Elizabeth Klesmith, Civil Litigator, Tuesley Hall Konopa, LLPMost businesses and individuals who have been involved in civil litigation are familiar with the discovery process – when the parties of a lawsuit exchange information and documents that are relevant to the issues of the case. Anyone who has been involved in a lawsuit in Indiana knows that they have a duty under the Indiana Trial Rules to turn over all relevant, non-privileged documents responsive to the discovery requests. But what you might not know is that the duty to preserve this potentially relevant information arises long before discovery requests are ever exchanged. In fact, this duty often arises before a lawsuit is even started.

The duty to preserve evidence arises when a party reasonably anticipates litigation. This might be when a defendant receives “notice of a credible threat of litigation,” such as a demand or cease and desist letter. See Kristin Lohmeyer’s article, Litigation hold: When is Litigation Reasonably Anticipated? http://www.btlg.us/News_and_Press/articles/Litigation%20Hold (last accessed 10.2.18). It may also occur when a potential defendant receives a “litigation hold notice.” For a plaintiff, the duty may arise as soon as the plaintiff discovers it has an actionable injury. The timing of when a duty to preserve evidence arises is not a precise calculation but depends on the facts of each particular case. Regardless of when the duty arises, however, it is a duty that must be addressed. Failure to preserve evidence relevant to reasonably anticipated litigation can lead to sanctions and even the giving of an adverse inference instruction at trials, which would allow the jury to infer that the missing evidence was detrimental to your case.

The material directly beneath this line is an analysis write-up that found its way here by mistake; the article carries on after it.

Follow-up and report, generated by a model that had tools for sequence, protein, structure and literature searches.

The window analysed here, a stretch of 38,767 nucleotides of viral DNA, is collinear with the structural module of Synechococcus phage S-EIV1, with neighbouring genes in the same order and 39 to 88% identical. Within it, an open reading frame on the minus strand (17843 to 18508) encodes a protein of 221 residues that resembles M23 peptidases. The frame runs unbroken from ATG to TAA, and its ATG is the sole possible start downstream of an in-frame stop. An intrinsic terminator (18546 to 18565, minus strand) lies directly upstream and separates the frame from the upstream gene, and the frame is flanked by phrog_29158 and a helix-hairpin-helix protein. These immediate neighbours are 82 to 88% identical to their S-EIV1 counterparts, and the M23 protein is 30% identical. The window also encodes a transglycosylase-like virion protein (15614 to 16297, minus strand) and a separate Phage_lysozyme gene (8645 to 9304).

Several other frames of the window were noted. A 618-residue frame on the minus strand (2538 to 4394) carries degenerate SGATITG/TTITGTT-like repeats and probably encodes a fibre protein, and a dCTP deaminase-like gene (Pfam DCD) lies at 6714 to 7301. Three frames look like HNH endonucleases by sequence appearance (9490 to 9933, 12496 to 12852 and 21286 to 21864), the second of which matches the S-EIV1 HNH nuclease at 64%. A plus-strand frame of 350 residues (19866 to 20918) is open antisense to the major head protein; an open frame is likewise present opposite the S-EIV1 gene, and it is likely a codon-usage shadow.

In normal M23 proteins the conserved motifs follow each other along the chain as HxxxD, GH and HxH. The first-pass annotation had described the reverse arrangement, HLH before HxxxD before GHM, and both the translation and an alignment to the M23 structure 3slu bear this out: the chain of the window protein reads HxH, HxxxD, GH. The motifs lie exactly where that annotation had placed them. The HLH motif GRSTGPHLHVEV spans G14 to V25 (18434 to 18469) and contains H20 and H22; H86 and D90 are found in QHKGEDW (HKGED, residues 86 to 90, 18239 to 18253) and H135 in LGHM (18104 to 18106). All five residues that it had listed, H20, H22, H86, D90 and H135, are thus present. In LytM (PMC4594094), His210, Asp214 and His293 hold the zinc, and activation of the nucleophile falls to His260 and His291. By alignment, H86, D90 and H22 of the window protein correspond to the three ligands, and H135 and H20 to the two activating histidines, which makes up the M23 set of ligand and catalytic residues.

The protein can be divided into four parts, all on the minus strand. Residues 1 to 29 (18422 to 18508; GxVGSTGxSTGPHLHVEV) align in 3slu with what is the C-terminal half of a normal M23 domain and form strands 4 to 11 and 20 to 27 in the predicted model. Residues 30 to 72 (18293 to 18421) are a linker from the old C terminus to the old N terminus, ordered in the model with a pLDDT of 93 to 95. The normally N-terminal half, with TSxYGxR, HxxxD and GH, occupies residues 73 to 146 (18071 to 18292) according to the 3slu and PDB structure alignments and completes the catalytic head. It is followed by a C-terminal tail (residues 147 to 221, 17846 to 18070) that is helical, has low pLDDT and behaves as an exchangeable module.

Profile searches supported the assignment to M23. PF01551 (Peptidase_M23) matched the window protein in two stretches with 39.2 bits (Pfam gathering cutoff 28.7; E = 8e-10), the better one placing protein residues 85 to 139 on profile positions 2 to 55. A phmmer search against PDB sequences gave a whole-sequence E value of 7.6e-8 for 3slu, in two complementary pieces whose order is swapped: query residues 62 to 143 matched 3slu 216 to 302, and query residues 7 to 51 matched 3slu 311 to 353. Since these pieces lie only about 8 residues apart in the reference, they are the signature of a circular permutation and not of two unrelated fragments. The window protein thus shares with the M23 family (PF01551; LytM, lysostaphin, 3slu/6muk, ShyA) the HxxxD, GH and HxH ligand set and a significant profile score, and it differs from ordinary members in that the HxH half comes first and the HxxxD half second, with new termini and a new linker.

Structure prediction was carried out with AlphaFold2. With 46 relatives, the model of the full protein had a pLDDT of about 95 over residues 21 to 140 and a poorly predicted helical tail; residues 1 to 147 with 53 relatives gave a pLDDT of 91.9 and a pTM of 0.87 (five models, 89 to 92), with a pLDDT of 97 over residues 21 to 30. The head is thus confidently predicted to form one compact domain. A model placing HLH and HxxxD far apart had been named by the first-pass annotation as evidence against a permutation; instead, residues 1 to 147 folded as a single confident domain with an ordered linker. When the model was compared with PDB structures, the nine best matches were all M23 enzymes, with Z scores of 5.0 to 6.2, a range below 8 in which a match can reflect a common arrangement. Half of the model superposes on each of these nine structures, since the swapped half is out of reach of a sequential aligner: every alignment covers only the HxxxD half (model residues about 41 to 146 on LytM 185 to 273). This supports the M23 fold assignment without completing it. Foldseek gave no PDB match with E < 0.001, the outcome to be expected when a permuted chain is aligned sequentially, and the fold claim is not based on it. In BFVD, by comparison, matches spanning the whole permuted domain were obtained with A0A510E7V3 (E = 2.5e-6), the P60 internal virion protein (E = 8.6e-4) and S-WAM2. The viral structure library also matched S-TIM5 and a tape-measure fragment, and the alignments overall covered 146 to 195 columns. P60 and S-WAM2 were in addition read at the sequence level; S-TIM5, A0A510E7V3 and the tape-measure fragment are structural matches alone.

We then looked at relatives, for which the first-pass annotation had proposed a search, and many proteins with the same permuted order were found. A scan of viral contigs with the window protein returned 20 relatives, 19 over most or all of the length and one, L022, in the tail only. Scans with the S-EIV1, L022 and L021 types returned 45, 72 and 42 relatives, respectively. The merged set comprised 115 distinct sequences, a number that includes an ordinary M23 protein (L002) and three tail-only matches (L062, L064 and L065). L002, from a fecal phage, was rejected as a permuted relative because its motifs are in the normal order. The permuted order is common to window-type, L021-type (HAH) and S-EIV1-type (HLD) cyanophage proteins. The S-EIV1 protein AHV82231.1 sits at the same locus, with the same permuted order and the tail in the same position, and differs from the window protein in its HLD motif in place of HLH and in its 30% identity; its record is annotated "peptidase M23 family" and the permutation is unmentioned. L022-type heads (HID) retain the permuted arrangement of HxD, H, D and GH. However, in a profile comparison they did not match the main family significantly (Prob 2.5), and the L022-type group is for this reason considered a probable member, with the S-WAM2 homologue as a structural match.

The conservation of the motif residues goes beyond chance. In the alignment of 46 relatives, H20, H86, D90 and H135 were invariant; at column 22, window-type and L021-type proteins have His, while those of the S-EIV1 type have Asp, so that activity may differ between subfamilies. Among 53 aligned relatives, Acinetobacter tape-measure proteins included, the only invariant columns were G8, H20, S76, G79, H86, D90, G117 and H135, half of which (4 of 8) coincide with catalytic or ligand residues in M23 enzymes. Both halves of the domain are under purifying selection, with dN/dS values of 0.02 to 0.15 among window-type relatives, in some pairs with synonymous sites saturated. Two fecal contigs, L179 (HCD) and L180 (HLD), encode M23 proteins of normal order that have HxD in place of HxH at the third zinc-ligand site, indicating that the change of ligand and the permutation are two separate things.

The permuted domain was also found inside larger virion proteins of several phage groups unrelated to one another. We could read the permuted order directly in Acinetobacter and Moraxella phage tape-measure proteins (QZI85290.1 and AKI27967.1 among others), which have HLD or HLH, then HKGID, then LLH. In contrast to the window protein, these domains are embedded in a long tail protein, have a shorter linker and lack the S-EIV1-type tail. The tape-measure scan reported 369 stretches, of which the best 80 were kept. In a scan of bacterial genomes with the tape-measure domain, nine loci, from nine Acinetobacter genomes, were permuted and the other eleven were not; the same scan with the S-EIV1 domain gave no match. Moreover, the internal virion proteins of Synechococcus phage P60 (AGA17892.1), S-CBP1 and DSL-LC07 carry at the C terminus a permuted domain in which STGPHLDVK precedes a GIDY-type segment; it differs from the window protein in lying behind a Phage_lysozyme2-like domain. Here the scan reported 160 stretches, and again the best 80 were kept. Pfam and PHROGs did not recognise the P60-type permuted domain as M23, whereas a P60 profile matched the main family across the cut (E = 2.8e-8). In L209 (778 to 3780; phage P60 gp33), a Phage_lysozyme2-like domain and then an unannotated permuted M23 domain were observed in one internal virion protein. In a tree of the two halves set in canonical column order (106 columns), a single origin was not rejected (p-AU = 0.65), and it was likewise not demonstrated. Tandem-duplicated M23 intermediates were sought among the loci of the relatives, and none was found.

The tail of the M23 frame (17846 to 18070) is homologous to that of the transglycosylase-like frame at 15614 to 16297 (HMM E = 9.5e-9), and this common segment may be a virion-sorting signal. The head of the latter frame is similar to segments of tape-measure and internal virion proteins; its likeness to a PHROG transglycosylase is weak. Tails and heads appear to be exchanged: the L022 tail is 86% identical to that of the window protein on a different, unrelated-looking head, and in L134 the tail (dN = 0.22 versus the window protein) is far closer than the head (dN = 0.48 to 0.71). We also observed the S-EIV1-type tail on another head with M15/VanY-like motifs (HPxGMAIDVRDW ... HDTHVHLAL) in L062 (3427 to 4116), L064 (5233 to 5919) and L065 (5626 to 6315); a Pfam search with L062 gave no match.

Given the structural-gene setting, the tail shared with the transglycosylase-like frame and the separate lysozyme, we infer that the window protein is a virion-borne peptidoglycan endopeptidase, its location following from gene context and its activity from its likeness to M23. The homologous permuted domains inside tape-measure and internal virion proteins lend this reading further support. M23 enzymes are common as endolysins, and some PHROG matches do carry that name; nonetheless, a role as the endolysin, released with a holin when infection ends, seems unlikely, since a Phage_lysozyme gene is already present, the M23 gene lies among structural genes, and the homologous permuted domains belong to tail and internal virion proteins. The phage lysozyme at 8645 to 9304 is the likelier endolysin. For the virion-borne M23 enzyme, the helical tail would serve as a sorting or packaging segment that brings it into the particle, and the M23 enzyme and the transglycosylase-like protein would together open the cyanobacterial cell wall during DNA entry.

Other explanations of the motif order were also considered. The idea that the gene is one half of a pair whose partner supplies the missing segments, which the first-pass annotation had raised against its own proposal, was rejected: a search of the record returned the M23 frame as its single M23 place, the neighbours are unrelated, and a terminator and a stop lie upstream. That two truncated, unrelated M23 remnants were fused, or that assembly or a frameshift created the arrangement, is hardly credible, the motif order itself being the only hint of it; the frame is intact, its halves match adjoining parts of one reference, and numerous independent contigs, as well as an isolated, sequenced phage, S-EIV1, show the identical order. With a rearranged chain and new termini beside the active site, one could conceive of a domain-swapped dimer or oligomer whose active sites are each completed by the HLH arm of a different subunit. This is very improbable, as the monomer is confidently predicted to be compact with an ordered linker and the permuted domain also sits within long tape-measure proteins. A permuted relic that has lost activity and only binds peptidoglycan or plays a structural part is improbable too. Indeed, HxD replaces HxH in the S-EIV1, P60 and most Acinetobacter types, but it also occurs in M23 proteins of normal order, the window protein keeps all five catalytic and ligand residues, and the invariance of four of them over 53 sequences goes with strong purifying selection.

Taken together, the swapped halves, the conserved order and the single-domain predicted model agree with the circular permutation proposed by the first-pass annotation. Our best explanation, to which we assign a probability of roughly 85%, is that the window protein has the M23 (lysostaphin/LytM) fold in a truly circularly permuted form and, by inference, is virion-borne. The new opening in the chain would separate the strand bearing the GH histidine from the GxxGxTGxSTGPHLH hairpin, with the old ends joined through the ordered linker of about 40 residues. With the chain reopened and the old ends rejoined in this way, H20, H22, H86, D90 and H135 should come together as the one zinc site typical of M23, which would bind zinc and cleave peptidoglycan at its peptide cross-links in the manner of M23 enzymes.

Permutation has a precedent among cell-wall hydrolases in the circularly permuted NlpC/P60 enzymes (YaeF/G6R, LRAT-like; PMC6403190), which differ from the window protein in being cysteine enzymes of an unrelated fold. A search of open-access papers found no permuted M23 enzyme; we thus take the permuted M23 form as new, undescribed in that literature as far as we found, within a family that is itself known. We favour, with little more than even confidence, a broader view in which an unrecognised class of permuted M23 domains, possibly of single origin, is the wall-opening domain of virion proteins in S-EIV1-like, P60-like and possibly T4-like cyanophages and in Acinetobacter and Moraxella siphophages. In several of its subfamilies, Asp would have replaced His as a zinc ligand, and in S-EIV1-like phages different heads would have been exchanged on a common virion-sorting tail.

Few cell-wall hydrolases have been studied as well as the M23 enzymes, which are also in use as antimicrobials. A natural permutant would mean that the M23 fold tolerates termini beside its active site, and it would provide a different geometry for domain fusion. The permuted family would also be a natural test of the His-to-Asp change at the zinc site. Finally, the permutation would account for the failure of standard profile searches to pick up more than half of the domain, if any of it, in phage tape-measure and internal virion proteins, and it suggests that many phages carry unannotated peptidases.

It is therefore very important that businesses maintain document retention policies and litigation hold policies. Such policies should include, among other things, instructions as to whom litigation hold notices should be sent within the company, who will be the contact person(s) for any questions regarding the litigation hold, how the evidence is to be stored, etc. It should also include an instruction to immediately turn off or disable any automatic deletion or destruction of electronically stored information.

When crafting a litigation hold policy, it is imperative that you think about the culture and practice of your business. How are your files stored – electronic vs. digital? Do your employees conduct business and store documents on their personal devices, such as iPads, laptops, and cell phones? Do they conduct business via text message? All of these issues should be covered by your litigation hold policy.

Disclaimer: The THK Legal Blog is for informational purposes only and should not be relied upon as legal advice. In no case does the published material constitute an exhaustive legal study, and applicability to a particular situation depends upon an investigation of specific facts. You should consult an attorney for advice regarding your individual situation.